It is a measure of Michael Connelly's mastery of his art that he has been able to slip into the production of courtroom thrillers as if he we were putting on a pair of well-worn and much-loved sneakers.
The cover of The Brass Verdict comes with a warning for the king of legal fiction from Mark Billignham: "Move over John Grisham - Connelly has written the ultimate legal thriller". That is a reference to the phenomenally successul novel, The Lincoln Lawyer, in which Connelly launched new creation Mickey Haller into the literary world.
The comparison is apt. Connelly's first two courtroom dramas are slick, enthralling and handled with the same sure touch as his Harry Bosch detective series. They have the same "easy readability" as a Grisham book while maintaining complex, satisfying plots.
At the heart of The Brass Verdict is that great staple of LA-based crime novels: Hollywood and the games of power, money and sex that make it the world's favoured venue for gossip, intrigue and innuendo.
When the wife of the head of a rising star Hollywood studio is murdered alongside her lover in what looks like a crime of passion, mogul Walter Elliott quickly finds himself facing a murder trial. When Elliott's lawyer is also murdered, suddenly Mickey Haller, returning from long term sick leave (see The Lincoln Lawyer), is back in the big time after inheriting his dead friend's entire casebook.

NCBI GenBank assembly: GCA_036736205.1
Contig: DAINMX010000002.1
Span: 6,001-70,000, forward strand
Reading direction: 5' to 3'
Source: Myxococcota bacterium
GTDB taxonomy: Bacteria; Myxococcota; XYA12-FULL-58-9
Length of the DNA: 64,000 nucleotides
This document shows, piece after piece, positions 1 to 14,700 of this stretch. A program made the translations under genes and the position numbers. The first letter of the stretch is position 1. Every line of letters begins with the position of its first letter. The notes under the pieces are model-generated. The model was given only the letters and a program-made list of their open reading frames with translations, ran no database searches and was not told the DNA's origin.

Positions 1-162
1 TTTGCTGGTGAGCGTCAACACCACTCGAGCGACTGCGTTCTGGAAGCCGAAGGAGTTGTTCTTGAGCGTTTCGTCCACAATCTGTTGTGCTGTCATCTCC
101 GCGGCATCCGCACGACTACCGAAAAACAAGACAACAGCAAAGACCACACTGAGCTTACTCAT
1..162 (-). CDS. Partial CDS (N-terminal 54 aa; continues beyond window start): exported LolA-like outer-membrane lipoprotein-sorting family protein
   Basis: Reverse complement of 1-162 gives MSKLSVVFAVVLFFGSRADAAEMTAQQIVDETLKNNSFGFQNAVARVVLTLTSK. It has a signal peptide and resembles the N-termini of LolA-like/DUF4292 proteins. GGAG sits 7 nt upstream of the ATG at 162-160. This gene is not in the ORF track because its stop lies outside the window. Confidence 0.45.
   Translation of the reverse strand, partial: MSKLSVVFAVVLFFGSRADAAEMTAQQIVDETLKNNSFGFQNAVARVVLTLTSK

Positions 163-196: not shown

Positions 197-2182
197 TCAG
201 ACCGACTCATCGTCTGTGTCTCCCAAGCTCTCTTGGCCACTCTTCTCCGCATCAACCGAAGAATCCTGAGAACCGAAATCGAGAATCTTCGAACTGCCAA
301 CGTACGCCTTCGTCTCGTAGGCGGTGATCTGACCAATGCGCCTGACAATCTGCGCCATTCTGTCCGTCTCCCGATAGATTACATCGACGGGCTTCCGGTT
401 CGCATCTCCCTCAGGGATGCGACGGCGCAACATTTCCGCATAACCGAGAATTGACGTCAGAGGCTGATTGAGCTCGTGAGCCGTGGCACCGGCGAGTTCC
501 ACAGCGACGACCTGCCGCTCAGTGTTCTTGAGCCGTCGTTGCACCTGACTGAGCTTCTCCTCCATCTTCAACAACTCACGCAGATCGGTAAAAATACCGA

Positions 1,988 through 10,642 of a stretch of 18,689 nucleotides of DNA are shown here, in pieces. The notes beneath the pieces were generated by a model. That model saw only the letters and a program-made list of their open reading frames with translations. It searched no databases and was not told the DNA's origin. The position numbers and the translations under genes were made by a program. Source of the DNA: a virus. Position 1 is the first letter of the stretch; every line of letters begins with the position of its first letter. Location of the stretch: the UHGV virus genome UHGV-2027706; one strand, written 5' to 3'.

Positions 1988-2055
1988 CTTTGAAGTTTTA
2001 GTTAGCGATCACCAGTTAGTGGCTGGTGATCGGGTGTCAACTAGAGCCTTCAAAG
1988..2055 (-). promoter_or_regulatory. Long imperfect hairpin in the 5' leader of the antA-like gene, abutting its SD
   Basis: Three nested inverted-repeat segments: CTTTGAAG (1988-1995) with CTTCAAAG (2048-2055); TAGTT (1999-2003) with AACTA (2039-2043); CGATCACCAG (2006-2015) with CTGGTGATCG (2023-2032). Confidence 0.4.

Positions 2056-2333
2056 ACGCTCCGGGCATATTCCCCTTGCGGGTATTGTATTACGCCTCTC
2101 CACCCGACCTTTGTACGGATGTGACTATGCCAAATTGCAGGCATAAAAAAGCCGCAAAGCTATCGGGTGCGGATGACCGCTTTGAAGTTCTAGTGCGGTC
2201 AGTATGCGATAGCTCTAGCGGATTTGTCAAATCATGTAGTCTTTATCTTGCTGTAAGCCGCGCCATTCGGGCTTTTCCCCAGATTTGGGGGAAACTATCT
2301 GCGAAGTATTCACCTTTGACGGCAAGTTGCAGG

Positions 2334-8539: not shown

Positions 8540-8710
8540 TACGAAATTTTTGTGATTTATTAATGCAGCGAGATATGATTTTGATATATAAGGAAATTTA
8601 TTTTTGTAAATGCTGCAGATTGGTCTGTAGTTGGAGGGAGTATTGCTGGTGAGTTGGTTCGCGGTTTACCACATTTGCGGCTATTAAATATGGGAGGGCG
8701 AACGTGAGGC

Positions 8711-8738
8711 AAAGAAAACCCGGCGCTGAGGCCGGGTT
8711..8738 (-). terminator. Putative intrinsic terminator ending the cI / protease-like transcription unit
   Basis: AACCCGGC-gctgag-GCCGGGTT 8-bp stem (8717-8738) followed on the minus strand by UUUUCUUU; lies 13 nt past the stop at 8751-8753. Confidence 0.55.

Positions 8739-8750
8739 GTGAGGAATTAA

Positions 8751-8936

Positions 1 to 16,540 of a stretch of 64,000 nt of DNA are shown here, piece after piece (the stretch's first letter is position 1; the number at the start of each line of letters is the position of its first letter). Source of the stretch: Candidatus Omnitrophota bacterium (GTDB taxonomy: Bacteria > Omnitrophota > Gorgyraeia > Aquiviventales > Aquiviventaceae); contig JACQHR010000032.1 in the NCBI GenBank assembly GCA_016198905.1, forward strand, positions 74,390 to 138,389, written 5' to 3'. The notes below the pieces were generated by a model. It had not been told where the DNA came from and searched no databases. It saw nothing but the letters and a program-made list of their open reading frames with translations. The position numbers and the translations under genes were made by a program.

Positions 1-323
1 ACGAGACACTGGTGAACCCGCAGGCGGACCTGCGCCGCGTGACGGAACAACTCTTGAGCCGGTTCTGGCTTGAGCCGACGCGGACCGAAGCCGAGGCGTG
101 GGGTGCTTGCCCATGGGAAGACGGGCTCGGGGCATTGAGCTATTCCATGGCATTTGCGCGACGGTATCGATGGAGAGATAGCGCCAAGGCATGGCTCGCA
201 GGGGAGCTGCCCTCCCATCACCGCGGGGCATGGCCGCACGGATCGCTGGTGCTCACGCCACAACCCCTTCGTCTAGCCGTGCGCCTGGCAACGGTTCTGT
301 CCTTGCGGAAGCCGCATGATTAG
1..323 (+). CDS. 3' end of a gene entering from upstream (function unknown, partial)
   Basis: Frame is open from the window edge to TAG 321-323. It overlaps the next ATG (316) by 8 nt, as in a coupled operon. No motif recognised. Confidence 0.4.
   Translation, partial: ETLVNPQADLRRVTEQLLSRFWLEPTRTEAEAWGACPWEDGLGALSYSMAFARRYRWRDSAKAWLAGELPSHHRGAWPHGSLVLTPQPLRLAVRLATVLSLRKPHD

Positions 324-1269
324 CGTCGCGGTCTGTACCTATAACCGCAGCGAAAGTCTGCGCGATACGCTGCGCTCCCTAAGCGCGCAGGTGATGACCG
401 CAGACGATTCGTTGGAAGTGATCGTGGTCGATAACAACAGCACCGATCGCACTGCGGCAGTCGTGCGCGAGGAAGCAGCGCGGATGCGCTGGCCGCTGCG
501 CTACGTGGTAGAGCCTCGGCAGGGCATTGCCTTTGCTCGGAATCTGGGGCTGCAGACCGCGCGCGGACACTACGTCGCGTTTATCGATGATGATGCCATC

Haller is confronted by evidence that, while largely circumstantial, he believes could be sufficient to convict his client and therefore sets out to find the "magic bullet" evidence that will enable him to win the case. At the same time, the unsolved murder of his friend Jerry Vincent, Elliott's previous lawyer, also preoccupies him as he learns that he too might now be a target. He learns this from the investigating LAPD officer, none other than Harry Bosch.
The bringing together of his various characters is something that Connelly is never scared of doing -reporter Jack McAvoy also appears in this book, as he has done with Bosch before - but I am usually not keen on it, as it often feels a litte contrived.
In this instance Connelly overcame these objections in me largely because the view of Bosch he offers from another's perspective was fascinating: silent, brooding, dark, surly and complicated.
Haller, by contrast, is light entertainment. Funny, wise-cracking and quick-witted. His more open disposition towards others gives Connelly a little more scope to puruse dialogue and the dynamics of relationship than Bosch usually does, and changes the tone and style the novel.
Separatey, by and large, Haller and Bosch bring the various cases towards conclusion with a combination of clever courtroom drama, behind the scenes cop work and a little conspiracy. It is well written, with memorable characters and a dynamic, smart narrative.
But there is just one false note that stopped the book getting the five star rating the first 400 pages deserved. The ending - after the case and the verdict has been delivered, you know the bit where the characters resolve those last few details - just felt all wrong. Ridiculous almost. And, here's the word again, utterly contrived and unnecessary. No spoliers here, but you'll know when you get there.